Final Text of Iraq Pact Reveals a U.S. Debacle
WASHINGTON, Oct 22 (IPS) - The final draft of the U.S.-Iraq Status of Forces agreement on the U.S. military presence represents an even more crushing defeat for the policy of the George W. Bush administration than previously thought, the final text reveals.
The final draft, dated Oct. 13, not only imposes unambiguous deadlines for withdrawal of U.S. combat troops by 2011 but makes it extremely unlikely that a U.S. non-combat presence will be allowed to remain in Iraq for training and support purposes beyond the 2011 deadline for withdrawal of all U.S. combat forces.
Furthermore, Shiite opposition to the pact as a violation of Iraqi sovereignty makes the prospects for passage of even this agreement by the Iraqi parliament doubtful. Pro-government Shiite parties, the top Shiite clerical body in the country, and a powerful movement led by nationalist cleric Moqtada al-Sadr that recently mobilised hundreds of thousands of demonstrators in protest against the pact, are all calling for its defeat.
At an Iraqi cabinet meeting Tuesday, ministers raised objections to the final draft, and a government spokesman said that the agreement would not submit it to the parliament in its current form. But Secretary of Defence Robert Gates told three news agencies Tuesday that the door was "pretty far closed" on further negotiations.
In the absence of an agreement approved by the Iraqi parliament,
The clearest sign of the dramatically reduced
But even that concession is not enough to satisfy anti-occupation sentiments across all Shiite political parties. Sunni politicians hold less decisive views on the pact, and Kurds are supportive.
Bush administration policymakers did not imagine when the negotiations began formally last March that its bargaining position on the issue of the
They were confident of being able to legitimise a
When Prime Minister Nouri al-Maliki demanded a timetable for complete
By early August, however, Bush had already reduced its negotiating aims. The U.S. draft dated Aug. 6, which was translated and posted on the internet by Iraqi activist Raed Jarrar, demanded the inclusion of either "targeted times" or "time targets" to refer to the dates for withdrawal of U.S. forces from all cities, town and villages and for complete combat troop withdrawal from Iraq, suggesting that they were not deadlines.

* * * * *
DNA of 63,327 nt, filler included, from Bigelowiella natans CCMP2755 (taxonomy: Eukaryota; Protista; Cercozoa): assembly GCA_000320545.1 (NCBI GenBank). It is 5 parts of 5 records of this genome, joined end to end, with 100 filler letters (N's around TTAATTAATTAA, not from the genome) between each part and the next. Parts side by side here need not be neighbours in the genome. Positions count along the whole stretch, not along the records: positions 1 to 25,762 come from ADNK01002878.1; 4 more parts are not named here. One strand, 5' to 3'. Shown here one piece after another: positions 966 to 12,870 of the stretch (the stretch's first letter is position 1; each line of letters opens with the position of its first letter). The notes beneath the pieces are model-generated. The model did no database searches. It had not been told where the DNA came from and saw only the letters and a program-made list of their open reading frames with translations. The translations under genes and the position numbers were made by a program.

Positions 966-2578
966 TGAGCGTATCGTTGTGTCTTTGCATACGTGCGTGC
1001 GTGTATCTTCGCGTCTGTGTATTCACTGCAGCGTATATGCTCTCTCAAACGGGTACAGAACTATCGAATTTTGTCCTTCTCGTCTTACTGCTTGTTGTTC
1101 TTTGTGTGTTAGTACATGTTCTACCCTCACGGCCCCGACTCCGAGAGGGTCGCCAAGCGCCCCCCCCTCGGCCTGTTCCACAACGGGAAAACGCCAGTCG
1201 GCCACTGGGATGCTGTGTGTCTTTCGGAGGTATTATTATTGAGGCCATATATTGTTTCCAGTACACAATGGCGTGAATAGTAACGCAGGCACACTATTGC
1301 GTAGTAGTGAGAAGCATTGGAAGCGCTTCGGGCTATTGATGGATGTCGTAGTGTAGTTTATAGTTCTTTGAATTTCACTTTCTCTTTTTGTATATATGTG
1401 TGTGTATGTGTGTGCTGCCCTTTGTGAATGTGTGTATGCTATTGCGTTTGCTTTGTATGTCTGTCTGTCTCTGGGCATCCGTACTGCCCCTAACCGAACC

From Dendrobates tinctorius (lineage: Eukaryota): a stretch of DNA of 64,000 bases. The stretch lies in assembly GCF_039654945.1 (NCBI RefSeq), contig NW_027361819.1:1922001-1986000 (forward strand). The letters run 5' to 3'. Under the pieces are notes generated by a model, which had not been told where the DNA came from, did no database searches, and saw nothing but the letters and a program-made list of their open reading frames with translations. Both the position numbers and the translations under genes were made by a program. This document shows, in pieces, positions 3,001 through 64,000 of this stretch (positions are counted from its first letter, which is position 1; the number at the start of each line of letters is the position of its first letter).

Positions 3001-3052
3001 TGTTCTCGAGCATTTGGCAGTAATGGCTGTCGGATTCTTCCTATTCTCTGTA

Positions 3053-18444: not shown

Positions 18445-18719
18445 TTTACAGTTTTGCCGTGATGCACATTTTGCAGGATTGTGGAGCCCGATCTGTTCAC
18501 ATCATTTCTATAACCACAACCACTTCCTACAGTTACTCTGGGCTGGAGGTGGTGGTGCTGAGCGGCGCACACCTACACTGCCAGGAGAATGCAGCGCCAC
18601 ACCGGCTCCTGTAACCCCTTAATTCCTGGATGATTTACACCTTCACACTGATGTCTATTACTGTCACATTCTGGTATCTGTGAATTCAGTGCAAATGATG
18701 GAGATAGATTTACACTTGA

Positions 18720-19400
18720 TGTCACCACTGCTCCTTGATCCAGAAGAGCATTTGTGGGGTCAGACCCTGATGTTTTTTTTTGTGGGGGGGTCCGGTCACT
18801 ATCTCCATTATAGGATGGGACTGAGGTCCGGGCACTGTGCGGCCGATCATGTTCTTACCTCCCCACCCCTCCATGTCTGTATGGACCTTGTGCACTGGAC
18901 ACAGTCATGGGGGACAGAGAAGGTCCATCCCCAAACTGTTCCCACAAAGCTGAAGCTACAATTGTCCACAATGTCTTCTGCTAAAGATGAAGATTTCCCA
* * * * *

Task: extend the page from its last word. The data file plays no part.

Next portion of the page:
When Secretary of State Condoleezza Rice visited Baghdad Aug. 21, the United States accepted for the first time a firm date of 2011 for complete withdrawal, giving up the demand for ambiguous such terms. However, the Aug. 6 draft included a provision that the
Because it had not yet been removed from the text,
The administration also continued to hope for approval of a residual force.
But the Oct. 13 final draft, a translation of which was posted by Raed Jarrar on his website Oct. 20, reveals that the Bush administration has been forced to give up its aims of softening the deadline for withdrawal and of a residual non-combat force in the country. Unlike the Aug. 6 draft, the final text treats any extension of that date as a modification of the agreement, which could be done only "in accordance to constitutional procedures in both countries".
That is an obvious reference to approval by the Iraqi parliament.
Given the present level of opposition to the agreement within the Shiite community, that provision offers scant hope of a residual
Another signal of Iraqi intentions is a provision of the final draft limiting the duration of the agreement to three years -- a date coinciding with the deadline for complete withdrawal from
The final draft confirms the language of the Aug. 6 draft requiring that all
The negotiating text had already established by Aug. 6 that
The collapse of the Bush administration's ambitious plan for a long-term
They also refused to take seriously the opposition to such a presence even among the Shiite clerics who had tolerated it in order to obtain Shiite control over state power.
[Gareth Porter is an investigative historian and journalist specialising in